When NASA Moves Its Websites to the Cloud, Everyone Watches


WESTPrime migration reaches milestone.

A project to move NASA websites and applications to the cloud has successfully migrated over 1 million pieces of content, completing its first phase, managers announced.

NASA.gov was among more than 100 sites and apps that made it to the Amazon Web Services-powered cloud in the project’s first 22 weeks, according to InfoZen, the company managing the migration. The environment uses the open-source cloud-based Drupal content management system.

“We like to think it was done in a record time,” InfoZen CEO Raj Ananthanpillai told Nextgov. “It’s saying that once you have your act together, you can do this in a short amount of time. It doesn’t require years of implementation.”

InfoZen is managing the migration under the $40 million WESTPrime contract it initially won in 2012. The company was unable to get started on the job until earlier this year, however, due to an unsuccessful protest of the award.

About 20 percent of the first-year costs went toward the migration and transformation, and the agency is saving more than 25 percent a month to operate the migrated resources, the company said.

NASA Demurs on WESTPrime Mandate

WESTPrime was unscathed by an otherwise critical inspector general report last year that cited management and other problems in the agency’s cloud computing environment. The IG report said the Federal Risk and Authorization Management Program-compliant WESTPrime contract was good and only suggested its use be mandatory across NASA components -- a move the agency ultimately decided against.

“It was great to have that particular IG report saying this is a good contract that got all of the requirements correct,” said Roopangi Kadakia, NASA's Web services executive. But, she added, WESTPrime is “not a one size fits all.”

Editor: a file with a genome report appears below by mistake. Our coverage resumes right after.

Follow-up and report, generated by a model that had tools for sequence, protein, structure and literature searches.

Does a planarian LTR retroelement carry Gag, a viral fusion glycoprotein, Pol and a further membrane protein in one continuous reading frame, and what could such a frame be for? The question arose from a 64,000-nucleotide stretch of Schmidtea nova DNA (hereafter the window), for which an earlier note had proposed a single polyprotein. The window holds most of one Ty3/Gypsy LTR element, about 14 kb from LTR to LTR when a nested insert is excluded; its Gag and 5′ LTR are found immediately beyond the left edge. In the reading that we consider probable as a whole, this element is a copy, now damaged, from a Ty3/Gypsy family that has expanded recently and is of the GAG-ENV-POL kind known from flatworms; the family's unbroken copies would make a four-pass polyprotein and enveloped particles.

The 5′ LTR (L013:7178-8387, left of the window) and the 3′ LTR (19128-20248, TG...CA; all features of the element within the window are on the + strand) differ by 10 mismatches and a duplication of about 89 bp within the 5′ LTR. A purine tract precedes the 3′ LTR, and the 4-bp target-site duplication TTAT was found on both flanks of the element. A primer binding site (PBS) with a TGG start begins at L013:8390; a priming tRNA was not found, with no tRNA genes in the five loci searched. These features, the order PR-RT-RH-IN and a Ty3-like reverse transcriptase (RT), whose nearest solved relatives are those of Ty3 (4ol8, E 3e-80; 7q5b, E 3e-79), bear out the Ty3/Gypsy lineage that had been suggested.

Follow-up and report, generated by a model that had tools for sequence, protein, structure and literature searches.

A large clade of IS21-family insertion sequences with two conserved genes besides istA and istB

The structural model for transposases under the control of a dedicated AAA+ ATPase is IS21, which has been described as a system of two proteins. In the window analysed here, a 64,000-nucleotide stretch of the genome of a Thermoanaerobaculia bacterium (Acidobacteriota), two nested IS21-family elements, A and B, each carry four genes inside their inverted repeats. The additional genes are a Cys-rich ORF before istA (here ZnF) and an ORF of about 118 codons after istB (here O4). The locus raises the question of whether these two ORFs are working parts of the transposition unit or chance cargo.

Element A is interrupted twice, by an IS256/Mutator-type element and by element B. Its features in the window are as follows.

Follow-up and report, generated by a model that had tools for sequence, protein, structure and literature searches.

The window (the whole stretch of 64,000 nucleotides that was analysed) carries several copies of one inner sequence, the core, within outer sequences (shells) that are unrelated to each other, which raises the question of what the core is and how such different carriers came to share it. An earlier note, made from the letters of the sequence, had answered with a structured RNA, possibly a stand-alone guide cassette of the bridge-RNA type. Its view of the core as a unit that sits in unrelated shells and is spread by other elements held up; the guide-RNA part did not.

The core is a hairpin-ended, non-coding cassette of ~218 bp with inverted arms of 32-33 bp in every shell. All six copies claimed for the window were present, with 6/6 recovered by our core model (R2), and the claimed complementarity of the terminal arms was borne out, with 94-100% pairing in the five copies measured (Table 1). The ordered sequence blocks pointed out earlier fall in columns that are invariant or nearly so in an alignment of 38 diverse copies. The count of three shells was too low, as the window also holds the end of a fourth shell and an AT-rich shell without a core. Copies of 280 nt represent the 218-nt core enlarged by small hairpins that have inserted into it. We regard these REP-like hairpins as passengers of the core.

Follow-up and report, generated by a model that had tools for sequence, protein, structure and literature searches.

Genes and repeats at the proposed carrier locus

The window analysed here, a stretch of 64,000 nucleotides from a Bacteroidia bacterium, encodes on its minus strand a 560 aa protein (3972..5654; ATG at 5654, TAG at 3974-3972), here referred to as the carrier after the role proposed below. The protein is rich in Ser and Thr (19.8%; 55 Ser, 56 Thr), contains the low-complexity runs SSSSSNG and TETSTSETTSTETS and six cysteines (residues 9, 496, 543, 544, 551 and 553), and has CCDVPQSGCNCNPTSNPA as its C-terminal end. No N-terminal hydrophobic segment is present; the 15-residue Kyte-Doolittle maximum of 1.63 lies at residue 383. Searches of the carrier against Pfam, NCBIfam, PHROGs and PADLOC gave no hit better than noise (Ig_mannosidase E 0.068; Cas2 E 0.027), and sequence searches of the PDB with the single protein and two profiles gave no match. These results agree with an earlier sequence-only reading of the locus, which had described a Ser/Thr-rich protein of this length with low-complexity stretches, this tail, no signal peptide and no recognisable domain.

NASA’s former and current chief information officers “made a conscious decision -- and I definitely think it’s the correct one -- not to mandate the use of it, even though the IG report said that,” she told Nextgov’s Jack Moore on Thursday during a viewcast.

“Each application has to be looked at from where it is in its lifecycle,” she said. “That’s the only way you can find out if it’s the right time for that application to be considered for the cloud.”

Kadakia said NASA CIO Larry Sweet’s solution was to “strongly encourage” NASA divisions to use the contract. “If you can come up with a reason why this isn’t going to work for you, then that’s a different story, but we really want you to consider this first," she said.

'NASA.gov Could Not Go Dark'

InfoZen’s Ananthanpillai said figuring out how to migrate numerous, dispersed sites running on proprietary systems was like changing a tire on a moving car. “NASA.gov could not go dark,” he said. “None of this could go dark for us.”

The initial migration involved a redesign of the NASA.gov portal -- which itself includes multiple sites. The remaining sites were migrated “as-is” so the agency could still save on infrastructure, Ananthanpillai said.

The space agency has more than 1,500 public-facing websites and 2,000 intranets, extranets and applications, and the agency’s data offerings and holdings are huge.

“These guys have probably the most expansive list of Web assets,” Ananthanpillai said. “That’s one of the reasons why everyone’s looking at them for lessons learned.”

(Image via brainpencil/Shutterstock.com)